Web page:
The six-strings of Houck and his second guitarist would stay solemn through “It’s Hard to be Humble (When Your From Alabama),” and “Nothing Was Stolen (Love Me Foolishly),” both from the band’s most recent release, Here’s to Taking it Easy. The pedal steel and the keyboards, meanwhile, wept at their side. A shout from the crowd implored, “Play something happy!” A sheepish Houck plainly replied, “I’m sorry. We don’t have many of those.” When the same voice, a couple songs later would demand, “Play something fast,” one could see the eyes of the band light up, and Houck, again with his slight drawl, jokingly addressed the boys, “Settle down, Phosphorescent.”
No, Phosphorescent didn’t have happy. Nor, did they have fast in their repertoire. They did have a couple Willie Nelson tracks (“I Gotta Get Drunk” and “Turn Out the Lights”), however, and they did have that amazingly full sound which reappeared on “Wolves” and “A Death, A Proclamation.” The latter swirled gloriously about the room with the force of a full psychedelic rock band. It was sad, but oh, was it the most wonderful kind of sad one could have. It was like a moment of release after a long, tough week, like a sunset at the end of a Western movie, or, that one glimpse of a hopeful rest while knowing tomorrow will be another long ride and another night on the road. Full Review
every moment of ragged, jagged slop-rock goodness (See “Silence,” and “Paul Blart and the Death of Art”) is countered with something decidedly less frenetic, like “West Blvd,” Tolar’s minimally adorned, quiet and plaintive ode to the neighborhood of his youth. There’s the scorching, static-ravaged anthem, “Town to Town,” finely balanced by “Abandon Love,” a cleanly picked, folk-song, written in the style of Dylan and sung with smooth clarity. Then, you have a song like, “Living Alone,” a track which could have very well come from The Flaming Lips’ quirky, cranking psychedelic rock phase, and its counterweight in the glimmering and reflective, country rock of “Slowest Romance.”
Now, it’s awfully hard to label Herzog as a slacker rock band. There’s simply too much else going on here and too much talent. Similarly, Tolar’s own description of “Just rock,” is a disservice, too. Your neighborhood, just-a-rock band, can’t turn on and off the ampage and display the type of grace Tolar displays on Search’s quieter moments. Instead, let’s forego all genre specific labels, and acknowledge Search for what it is: A sometimes rockin’, other times downtrodden, but always engaging album not only worth your money and your time, but also an album worthy of high praise. Full Review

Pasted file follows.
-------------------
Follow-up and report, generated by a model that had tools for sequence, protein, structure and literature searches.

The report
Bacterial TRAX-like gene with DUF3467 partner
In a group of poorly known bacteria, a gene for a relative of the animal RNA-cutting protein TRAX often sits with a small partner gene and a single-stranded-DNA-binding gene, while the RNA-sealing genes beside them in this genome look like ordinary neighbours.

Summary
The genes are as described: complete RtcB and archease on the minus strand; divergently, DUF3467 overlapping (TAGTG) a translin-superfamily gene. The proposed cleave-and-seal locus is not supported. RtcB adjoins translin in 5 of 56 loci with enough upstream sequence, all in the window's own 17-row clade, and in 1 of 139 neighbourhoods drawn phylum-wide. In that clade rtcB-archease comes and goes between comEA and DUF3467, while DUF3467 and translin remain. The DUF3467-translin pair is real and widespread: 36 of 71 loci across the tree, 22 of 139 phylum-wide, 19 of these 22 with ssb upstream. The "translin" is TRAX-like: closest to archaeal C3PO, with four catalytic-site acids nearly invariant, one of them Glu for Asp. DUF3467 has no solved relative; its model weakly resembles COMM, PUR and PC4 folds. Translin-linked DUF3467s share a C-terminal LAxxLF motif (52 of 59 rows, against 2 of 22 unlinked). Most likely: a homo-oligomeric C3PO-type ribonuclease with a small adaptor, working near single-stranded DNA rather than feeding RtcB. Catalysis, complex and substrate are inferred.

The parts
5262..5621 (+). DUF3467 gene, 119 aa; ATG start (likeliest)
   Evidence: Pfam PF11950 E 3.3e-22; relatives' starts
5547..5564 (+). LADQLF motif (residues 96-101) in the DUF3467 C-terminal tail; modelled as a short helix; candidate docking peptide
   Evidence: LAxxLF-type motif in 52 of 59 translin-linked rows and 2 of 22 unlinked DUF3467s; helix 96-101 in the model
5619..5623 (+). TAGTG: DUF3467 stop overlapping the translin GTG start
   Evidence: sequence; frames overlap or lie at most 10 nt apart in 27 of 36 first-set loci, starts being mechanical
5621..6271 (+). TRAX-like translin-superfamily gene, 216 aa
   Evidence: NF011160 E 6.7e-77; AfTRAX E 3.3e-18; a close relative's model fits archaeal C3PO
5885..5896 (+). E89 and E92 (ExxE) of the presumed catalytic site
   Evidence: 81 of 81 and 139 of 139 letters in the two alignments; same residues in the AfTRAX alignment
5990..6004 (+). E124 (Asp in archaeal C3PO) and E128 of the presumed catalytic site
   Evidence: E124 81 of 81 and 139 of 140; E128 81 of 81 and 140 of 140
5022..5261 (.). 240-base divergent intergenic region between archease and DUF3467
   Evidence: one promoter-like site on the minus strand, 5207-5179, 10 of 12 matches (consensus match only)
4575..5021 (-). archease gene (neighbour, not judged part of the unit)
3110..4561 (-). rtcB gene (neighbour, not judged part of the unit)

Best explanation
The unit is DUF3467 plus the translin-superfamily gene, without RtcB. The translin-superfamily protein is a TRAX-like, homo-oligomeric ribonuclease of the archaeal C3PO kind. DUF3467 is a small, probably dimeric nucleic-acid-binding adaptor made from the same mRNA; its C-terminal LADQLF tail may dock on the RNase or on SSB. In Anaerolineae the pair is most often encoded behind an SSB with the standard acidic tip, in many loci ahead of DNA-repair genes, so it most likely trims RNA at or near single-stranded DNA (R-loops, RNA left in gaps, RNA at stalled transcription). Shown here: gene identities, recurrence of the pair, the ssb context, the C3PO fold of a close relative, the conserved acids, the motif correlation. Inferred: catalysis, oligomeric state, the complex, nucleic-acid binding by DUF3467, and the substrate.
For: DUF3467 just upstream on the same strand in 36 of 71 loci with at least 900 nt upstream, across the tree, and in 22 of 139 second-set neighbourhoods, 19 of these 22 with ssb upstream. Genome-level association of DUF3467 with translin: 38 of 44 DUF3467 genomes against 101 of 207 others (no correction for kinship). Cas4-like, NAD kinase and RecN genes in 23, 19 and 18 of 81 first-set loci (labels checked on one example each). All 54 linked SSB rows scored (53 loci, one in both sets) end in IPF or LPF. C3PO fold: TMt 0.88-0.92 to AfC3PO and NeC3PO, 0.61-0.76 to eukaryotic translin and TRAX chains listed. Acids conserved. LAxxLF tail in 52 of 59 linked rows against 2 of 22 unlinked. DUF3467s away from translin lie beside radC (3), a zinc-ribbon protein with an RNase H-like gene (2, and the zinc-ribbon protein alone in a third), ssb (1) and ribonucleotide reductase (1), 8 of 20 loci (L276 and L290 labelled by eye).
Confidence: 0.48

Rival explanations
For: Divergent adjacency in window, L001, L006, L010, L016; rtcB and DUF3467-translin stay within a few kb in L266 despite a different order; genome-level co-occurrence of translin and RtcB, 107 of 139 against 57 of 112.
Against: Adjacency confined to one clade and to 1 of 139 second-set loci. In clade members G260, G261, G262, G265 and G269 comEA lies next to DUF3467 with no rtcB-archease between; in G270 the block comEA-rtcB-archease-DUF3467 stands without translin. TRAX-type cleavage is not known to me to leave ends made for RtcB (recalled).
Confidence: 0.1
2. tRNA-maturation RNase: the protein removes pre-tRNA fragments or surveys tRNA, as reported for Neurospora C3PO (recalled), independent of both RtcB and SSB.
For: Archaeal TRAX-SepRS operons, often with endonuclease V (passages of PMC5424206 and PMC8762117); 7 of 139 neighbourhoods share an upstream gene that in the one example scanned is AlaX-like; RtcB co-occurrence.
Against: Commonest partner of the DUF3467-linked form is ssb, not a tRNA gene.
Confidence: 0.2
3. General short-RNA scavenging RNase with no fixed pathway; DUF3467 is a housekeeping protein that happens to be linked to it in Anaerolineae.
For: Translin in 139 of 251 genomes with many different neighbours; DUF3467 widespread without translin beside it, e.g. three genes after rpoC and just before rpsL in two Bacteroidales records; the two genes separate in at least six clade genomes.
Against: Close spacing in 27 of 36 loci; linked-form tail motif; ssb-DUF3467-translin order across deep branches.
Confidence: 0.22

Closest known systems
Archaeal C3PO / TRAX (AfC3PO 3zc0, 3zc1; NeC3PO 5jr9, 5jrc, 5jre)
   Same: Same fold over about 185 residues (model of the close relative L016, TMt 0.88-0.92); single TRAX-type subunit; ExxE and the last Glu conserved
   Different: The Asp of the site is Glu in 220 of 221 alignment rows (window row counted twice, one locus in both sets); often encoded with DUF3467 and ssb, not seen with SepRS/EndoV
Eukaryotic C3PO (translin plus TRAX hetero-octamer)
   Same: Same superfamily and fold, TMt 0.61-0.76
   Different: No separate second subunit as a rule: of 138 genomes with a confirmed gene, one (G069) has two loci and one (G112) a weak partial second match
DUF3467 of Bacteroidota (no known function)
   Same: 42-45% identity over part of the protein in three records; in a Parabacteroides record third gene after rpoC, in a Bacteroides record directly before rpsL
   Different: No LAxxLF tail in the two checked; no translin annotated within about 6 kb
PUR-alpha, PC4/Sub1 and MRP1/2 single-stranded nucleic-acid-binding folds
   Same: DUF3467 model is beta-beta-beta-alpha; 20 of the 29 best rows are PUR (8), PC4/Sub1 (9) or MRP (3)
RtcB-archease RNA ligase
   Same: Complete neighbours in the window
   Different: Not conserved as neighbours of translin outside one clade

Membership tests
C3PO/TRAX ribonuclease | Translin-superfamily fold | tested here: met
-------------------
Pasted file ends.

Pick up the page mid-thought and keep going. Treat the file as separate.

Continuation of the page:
11. Super Wild Horses
True to their name, Super Wild Horses are a free and instinctive, rock and pop duo from Melbourne, Australia, who by luck, grace, or more likely, an incorruptible feeling for melody, happen to find themselves in possession of one of the year’s best records to date.
Throughout their first full length, Fifteen, Amy Franz and Hayley McKee harmonize like sisters and trade instruments like best friends forever. They both sing play guitar, keyboards, and drums, switching positions from behind the kit to out in front frequently between songs. While this method may prevent both Franz and McKee from ever becoming technically skilled musicians, it does feed the primitive interpretation of The Breeders, Bikini Kill, and Dischord post-punk heard throughout the record. It’s a quality only accentuated by Mikey Young’s production. The Eddy Current Suppression Ring man takes his cues from Steve Albini, letting the songs and the instruments do the bulk of the work, assuring a spacious and minimal mix while still retaining a noticeable amount grit. Full Review
12. Ted Leo and The Pharmacists
The Brutalist Bricks
Like Hearts of Oak, Leo’s latest is a diverse album. In addition to the standard Pharmacists sound — A mix of new wave with Thin Lizzy styled shots of rock — there are funky elements (“One Polaroid a Day,”) dub and drum ‘n’ bass (“Mourning in America,”) a garage rock stomper (“Where Was My Brain,”) and a surprisingly soulful Leo exercising a forceful vocal range on “Woke Up New Chelsea.” Still, the unquestioned highlight of the set, “Bottled Up in Cork,” is a number which doesn’t expand on the band’s repertoire, but instead recalls one of their earlier successes. As a traveling song, it’s easy to draw parallels between “Bottled Up in Cork” and Hearts of Oak’s “Ballad of the Sin Eater.” Both recall Leo’s experiences as an American on foreign continents, albeit with two striking differences. First, in the place of “Sin Eater’s” rough, rumbling bass line is a sweetly strummed acoustic guitar. Second, and more importantly, Leo no longer faces ridicule and derision at every stop. Instead of puzzling over his reception with the chorus, “You didn’t think they could hate you now, did ya?” as he did on “Sin Eater,” he now revels in hospitality with lines like, “A little good will goes a mightly long way,” and “Tell the bartender, I think I’m falling in love.” It’s a striking recovery in mood and melody for a man and a band who managed to break a string of average albums (By their own high standards) on the strength of one joyful chorus and a rediscovered lust for life. Full Review
13. Eddy Current Suppression Ring
Rush to Relax